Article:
Pontiff reaches overseas devotees through IT
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Pontiff reaches overseas devotees through IT

Monday, 25 November 2002, 08:00 Hrs
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CHENNAI: There could perhaps be no better example of how religion can adopt technology than the story of a Hindu pilgrimage centre in Tamil Nadu.

The Kanchi Kamakoti Peetham is one of the first major religious institutions in India to introduce computer-aided services for thousands of its followers around the world.

The centre, established by the first Shankaracharya about 2,000 years ago about 80 km south of Chennai in Kancheepuram town, went online about five years ago.

Today, its Web site, www.kamakoti.org, has 5,000 web pages -- 2,000 of them in Tamil. A Telugu service is to be launched shortly.

The site is maintained by the centre's own computer division; all accounting and financial records are maintained on computers.

And it is not just computers, but the entire gamut of electronic technology that is bringing a revolution in the dissemination of religion at Kanchi.

Most gizmos were presented to the centre by expatriate Indians and industrialist devotees who were only too glad to be able to give servers, special screens and printers, telephones, fax machines, anything that would help the place modernise, instead of the traditional gifts of fruits and jewellery.

There are closed circuit TVs in the centre that telecast in-house programmes to various departments, schools and other institutions of learning run by it.

Especially popular are talks by Kanchi pontiff Jayendra Saraswathi and dignitaries who visit him throughout the year. The best part is that the pontiff can now interact with his devotees through a video conferencing facility.

A week ago, the pontiff talked to 5,000 Hindus at a gathering in a badminton stadium in Kuala Lumpur across the oceans.

Hindu seers are reportedly not permitted to cross the seas but online there is no such limit and the CEO of the Kanchi centre loves to bless his overseas followers whenever there is an occasion.

"This is not the first such videoconference he has had with his devotees," says Vasanth Mehta, who heads the communications division of the centre.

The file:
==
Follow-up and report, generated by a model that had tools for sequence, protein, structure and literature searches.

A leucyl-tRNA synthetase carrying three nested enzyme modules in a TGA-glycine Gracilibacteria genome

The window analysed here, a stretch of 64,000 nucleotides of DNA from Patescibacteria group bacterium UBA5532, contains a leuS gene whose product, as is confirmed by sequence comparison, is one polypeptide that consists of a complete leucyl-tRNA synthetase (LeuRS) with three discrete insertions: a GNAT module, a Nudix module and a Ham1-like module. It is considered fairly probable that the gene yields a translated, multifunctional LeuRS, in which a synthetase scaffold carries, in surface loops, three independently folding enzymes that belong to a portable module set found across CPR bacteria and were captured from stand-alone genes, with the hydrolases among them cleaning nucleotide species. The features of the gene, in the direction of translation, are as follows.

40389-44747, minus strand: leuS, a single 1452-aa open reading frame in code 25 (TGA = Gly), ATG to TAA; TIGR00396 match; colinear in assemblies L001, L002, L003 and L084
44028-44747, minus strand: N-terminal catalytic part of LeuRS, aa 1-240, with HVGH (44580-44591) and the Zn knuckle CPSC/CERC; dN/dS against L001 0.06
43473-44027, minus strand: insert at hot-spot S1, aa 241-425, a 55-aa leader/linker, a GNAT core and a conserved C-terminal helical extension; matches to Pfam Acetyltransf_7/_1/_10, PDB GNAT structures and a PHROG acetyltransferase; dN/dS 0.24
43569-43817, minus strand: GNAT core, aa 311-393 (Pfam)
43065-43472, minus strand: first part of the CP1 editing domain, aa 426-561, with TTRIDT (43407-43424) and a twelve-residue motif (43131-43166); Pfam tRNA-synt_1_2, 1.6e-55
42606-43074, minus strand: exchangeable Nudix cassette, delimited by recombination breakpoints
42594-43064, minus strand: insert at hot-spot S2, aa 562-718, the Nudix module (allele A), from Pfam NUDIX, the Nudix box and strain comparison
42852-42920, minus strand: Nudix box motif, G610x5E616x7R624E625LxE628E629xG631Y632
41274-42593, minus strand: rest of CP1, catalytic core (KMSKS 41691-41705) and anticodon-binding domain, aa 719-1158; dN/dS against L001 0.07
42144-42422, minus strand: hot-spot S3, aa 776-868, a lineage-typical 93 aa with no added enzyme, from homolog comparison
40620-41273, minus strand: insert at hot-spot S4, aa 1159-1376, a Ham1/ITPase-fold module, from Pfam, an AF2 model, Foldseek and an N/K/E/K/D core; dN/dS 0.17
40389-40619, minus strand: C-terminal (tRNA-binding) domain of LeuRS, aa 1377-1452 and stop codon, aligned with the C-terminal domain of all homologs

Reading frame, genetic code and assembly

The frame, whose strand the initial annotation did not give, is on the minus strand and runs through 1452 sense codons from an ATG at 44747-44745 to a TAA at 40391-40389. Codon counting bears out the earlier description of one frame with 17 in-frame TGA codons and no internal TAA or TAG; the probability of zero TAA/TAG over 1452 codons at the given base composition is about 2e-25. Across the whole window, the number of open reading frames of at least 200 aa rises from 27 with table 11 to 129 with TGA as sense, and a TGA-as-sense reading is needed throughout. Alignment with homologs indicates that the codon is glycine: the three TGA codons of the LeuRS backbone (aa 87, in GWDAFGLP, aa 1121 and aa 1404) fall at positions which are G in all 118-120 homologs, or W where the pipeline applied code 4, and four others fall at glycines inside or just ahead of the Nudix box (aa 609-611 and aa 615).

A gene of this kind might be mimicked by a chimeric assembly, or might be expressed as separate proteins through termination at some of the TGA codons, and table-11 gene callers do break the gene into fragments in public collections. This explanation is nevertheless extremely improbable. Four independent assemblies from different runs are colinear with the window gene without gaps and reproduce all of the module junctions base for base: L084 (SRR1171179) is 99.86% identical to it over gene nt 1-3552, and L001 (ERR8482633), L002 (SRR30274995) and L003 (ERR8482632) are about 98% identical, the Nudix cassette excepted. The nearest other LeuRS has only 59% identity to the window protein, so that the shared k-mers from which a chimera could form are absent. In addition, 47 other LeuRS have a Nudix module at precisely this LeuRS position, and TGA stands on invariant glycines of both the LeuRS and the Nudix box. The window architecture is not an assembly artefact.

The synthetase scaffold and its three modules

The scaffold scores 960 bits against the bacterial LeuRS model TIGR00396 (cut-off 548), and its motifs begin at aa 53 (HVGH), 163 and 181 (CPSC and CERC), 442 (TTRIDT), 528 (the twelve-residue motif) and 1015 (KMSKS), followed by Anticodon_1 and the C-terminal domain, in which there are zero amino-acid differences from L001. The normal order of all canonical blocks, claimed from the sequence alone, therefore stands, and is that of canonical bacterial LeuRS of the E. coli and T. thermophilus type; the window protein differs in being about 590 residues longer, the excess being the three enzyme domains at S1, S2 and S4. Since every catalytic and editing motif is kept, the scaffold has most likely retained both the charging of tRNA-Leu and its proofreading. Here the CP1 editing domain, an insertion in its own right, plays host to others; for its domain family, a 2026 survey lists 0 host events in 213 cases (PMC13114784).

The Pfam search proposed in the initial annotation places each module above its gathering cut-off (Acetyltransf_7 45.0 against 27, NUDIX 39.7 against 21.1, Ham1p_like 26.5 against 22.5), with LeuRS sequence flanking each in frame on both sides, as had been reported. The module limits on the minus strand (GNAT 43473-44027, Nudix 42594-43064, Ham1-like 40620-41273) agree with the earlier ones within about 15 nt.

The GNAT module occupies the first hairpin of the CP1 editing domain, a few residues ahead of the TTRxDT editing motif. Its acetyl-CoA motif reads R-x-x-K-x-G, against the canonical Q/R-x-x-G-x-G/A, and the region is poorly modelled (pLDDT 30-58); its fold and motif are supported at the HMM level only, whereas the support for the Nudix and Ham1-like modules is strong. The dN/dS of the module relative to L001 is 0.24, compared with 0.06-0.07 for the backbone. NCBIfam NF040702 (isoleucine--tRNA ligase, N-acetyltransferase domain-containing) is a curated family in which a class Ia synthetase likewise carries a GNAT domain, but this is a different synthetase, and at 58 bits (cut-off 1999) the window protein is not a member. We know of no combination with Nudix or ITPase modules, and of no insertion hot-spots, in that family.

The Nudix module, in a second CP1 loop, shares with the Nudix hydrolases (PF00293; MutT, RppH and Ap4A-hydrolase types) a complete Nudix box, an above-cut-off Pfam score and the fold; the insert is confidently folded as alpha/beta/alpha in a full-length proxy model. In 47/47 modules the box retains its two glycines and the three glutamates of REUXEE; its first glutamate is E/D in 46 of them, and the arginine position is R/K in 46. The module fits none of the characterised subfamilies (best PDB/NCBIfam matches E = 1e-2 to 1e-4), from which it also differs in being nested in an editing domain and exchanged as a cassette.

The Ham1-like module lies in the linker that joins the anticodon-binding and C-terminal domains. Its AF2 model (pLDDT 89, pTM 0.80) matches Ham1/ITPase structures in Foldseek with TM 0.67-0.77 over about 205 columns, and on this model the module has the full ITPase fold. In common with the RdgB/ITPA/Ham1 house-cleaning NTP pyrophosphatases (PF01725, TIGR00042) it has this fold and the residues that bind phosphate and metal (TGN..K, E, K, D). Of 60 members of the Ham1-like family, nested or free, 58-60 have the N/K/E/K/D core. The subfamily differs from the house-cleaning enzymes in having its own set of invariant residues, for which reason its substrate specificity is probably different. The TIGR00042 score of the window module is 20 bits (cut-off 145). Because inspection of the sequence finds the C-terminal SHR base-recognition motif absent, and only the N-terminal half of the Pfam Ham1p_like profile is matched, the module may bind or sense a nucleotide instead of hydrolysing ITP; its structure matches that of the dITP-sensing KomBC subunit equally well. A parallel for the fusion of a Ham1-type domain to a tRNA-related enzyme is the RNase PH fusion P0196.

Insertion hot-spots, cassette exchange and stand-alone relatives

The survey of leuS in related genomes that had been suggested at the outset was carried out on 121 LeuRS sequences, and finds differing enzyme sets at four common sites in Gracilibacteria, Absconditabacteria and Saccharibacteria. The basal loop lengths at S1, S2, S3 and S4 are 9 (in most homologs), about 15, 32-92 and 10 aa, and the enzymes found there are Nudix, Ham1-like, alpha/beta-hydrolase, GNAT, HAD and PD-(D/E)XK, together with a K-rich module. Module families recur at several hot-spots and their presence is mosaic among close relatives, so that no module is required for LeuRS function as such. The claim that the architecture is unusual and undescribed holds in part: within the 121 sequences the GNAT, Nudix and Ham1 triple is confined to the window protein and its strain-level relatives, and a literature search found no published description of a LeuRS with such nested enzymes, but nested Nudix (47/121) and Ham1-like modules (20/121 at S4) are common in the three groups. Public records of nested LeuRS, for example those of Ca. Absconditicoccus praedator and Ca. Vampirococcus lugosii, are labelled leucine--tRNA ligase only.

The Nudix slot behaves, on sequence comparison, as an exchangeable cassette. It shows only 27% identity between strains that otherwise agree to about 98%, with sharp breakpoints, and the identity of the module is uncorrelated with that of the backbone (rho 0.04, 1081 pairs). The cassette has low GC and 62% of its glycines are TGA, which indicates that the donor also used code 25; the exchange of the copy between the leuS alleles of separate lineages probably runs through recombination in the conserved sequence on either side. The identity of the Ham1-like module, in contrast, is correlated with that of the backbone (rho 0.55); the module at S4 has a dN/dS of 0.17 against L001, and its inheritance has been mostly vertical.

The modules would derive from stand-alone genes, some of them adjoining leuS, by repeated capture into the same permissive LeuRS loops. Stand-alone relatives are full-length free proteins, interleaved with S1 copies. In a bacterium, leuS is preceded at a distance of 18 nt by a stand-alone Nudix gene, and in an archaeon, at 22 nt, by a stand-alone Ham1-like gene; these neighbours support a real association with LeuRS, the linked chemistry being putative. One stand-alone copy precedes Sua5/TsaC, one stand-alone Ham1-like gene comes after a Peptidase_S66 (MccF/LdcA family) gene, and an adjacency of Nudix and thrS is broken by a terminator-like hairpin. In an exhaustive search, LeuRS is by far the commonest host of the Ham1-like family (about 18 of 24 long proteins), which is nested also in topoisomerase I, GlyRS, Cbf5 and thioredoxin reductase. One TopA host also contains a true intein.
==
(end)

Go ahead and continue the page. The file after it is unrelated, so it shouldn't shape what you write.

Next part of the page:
A graduate from BITS, Pilani, Mehta says very often Saraswathi has religious discussions with his followers in the U.S.

But the conference with Malaysian Hindus on November 17 was the biggest event of its kind.

The pontiff spoke to his Malaysian followers from a facility at Sastra, a university in the temple town of Thanjavur.

As many as 37 Hindu groups including the Malaysia Hindu Sangam, Malaysia Hindu Dharma Mamandram, Malaysia Siva Sidhantha Mandram and International Society for Krishna Consciousness (Iskcon) participated.

The Shankaracharya discussed how to propagate Hindu religion, especially to the younger, technology savvy members of the community.

Subjects as complex as the "Relevance of Hinduism in Modern Society" and "Challenges of Hinduism from Within and Without" were debated at the daylong event.

One programme on the agenda of Hindus in Malaysia and in Kanchi was "modernising Hindu print and electronic media" to reinforce the faith.

More electronically printed books in Tamil, English, Malaysian and other languages using modern desktop technology are on the cards.

So is the production of audio-visual religious aids, CD-ROMs, VCDs, DVDs, CDs and more Web sites about Hinduism -- a long-term programme to be guided by the citadel of tech-savvy Hinduism, the Kanchi Kamakoti Peetham.
Source: IANS
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